ASK AN EDUCATOR! “How do you teach a subject that you are not an “expert” in?”
How can you teach in an area that you are not an expert in? For instance, if you have high school students who are interested in programming this semester, but don’t know everything about it. If you wait until you gain the expertise, those students might be in college studying English by then.
This is an awesome question! And it turns out to be one of the things that makes teaching so much fun. Trust me, very few teachers know EVERYTHING about their subject. One of the most important lessons I have learned over my teaching career is that students are people too, just with more attitude. If you try to teach a subject, and come across like you don’t know what you are talking about, they will take advantage of you and the experience becomes a mess. Instead you can try letting the kids know that you are learning the material as well. This allows you to spin your lack of knowledge into an opportunity for the students to help you out. Most of the problems in the classroom stem from the students wanting attention and having the desire to be engaged in the lesson. By giving them responsibility, say in the form of teaching a short lesson to the class, not only do you learn as well, but the kids get a sense of ownership over the lesson and will respect you for it.
With regards to your programming example. You can try assigning different programming languages to small groups of students (no more then 2 per group). Their task is to educate themselves enough to produce a small example program, then present their language to the class and distribute a worksheet that instructs the class to complete the same example program. The neat thing about students is their desire to impress you and their peers. If you can be successful at taking that desire and directing it toward them educating the class, you will have officially rocked as a teacher.
Good luck. Learning is fun!
Next up is Brad with a question about inspiring middle/high school girls to get involved in STEM courses!
Don’t forget, everyone is invited to ask a question!
“Ask an Educator” questions are answered by Adam Kemp, a high school teacher who has been teaching courses in Energy Systems, Systems Engineering, Robotics and Prototyping since 2005.
Adafruit publishes a wide range of writing and video content, including interviews and reporting on the maker market and the wider technology world. Our standards page is intended as a guide to best practices that Adafruit uses, as well as an outline of the ethical standards Adafruit aspires to. While Adafruit is not an independent journalistic institution, Adafruit strives to be a fair, informative, and positive voice within the community – check it out here: adafruit.com/editorialstandards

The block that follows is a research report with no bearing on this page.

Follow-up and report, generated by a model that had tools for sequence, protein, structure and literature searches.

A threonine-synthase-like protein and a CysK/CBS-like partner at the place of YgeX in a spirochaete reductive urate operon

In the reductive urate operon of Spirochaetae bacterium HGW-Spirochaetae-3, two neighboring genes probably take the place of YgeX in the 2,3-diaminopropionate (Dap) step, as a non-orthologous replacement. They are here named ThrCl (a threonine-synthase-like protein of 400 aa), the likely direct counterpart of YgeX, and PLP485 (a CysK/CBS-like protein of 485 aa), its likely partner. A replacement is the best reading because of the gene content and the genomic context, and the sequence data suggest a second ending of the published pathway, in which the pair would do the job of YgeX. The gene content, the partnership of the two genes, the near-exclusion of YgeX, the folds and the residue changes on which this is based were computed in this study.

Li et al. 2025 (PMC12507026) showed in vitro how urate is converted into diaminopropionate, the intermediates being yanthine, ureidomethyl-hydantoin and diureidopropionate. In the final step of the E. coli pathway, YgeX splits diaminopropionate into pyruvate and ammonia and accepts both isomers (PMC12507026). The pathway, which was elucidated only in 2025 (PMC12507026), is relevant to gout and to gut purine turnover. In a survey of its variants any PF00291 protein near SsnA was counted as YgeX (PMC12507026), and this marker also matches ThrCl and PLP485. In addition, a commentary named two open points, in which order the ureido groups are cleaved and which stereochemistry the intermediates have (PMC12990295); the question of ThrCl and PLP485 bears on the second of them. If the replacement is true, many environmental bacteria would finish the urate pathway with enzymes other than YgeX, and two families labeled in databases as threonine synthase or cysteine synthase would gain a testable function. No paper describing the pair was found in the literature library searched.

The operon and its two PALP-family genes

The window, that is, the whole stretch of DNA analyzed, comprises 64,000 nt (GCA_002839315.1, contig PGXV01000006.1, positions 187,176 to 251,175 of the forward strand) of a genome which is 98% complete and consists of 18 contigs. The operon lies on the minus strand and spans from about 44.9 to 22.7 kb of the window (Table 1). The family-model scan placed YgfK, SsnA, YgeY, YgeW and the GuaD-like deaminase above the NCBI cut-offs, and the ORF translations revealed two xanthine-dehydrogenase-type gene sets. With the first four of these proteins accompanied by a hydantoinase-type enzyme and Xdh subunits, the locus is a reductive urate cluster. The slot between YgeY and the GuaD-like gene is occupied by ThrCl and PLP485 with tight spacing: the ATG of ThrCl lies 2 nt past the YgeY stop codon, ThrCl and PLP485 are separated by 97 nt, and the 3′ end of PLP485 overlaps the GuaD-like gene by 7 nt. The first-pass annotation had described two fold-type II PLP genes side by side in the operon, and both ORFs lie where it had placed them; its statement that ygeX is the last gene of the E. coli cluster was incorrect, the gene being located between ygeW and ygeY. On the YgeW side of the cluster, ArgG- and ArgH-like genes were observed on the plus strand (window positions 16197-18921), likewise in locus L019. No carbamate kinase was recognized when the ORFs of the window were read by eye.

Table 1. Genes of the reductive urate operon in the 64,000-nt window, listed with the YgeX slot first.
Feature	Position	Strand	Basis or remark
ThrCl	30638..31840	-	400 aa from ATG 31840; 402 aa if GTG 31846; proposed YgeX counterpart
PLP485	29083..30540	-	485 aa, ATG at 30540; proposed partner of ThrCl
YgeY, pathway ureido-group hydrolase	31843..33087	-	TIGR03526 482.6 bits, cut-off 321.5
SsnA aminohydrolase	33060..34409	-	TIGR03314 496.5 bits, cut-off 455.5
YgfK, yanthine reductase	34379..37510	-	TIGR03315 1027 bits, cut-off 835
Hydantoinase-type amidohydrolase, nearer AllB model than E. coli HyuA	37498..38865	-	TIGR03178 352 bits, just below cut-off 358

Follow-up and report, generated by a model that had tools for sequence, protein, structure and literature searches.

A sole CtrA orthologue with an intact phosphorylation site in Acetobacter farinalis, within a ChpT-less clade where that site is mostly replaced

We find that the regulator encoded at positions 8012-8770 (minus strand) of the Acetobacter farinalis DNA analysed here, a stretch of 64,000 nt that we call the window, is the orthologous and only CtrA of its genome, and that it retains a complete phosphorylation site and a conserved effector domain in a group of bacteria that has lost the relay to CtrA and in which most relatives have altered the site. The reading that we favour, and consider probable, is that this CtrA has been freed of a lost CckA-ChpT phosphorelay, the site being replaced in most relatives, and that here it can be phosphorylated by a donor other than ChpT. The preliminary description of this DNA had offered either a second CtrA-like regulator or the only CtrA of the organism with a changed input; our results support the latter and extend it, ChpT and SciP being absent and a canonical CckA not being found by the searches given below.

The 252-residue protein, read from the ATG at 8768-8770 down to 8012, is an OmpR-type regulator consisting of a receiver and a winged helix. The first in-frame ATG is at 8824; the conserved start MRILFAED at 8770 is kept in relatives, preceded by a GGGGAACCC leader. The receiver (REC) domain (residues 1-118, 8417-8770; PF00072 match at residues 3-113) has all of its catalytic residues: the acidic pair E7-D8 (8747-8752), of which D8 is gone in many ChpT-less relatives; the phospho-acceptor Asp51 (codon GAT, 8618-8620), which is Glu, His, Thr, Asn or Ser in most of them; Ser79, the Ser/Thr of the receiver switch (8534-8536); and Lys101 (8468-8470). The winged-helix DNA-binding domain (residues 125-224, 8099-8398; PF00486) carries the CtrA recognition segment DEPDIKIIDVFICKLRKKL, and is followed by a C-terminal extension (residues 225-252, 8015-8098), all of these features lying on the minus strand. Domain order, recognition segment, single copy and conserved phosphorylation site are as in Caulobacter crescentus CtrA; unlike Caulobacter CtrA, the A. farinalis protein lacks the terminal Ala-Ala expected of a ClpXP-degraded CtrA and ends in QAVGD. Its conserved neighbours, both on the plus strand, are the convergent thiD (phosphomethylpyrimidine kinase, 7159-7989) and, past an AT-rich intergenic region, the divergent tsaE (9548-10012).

Stop breadboarding and soldering – start making immediately! Adafruit’s Circuit Playground is jam-packed with LEDs, sensors, buttons, alligator clip pads and more. Build projects with Circuit Playground in a few minutes with the drag-and-drop MakeCode programming site, learn computer science using the CS Discoveries class on code.org, jump into CircuitPython to learn Python and hardware together, TinyGO, or even use the Arduino IDE. Circuit Playground Express is the newest and best Circuit Playground board, with support for CircuitPython, MakeCode, and Arduino. It has a powerful processor, 10 NeoPixels, mini speaker, InfraRed receive and transmit, two buttons, a switch, 14 alligator clip pads, and lots of sensors: capacitive touch, IR proximity, temperature, light, motion and sound. A whole wide world of electronics and coding is waiting for you, and it fits in the palm of your hand.
Have an amazing project to share? The Electronics Show and Tell is every Wednesday at 7pm ET! To join, head over to YouTube and check out the show’s live chat – we’ll post the link there.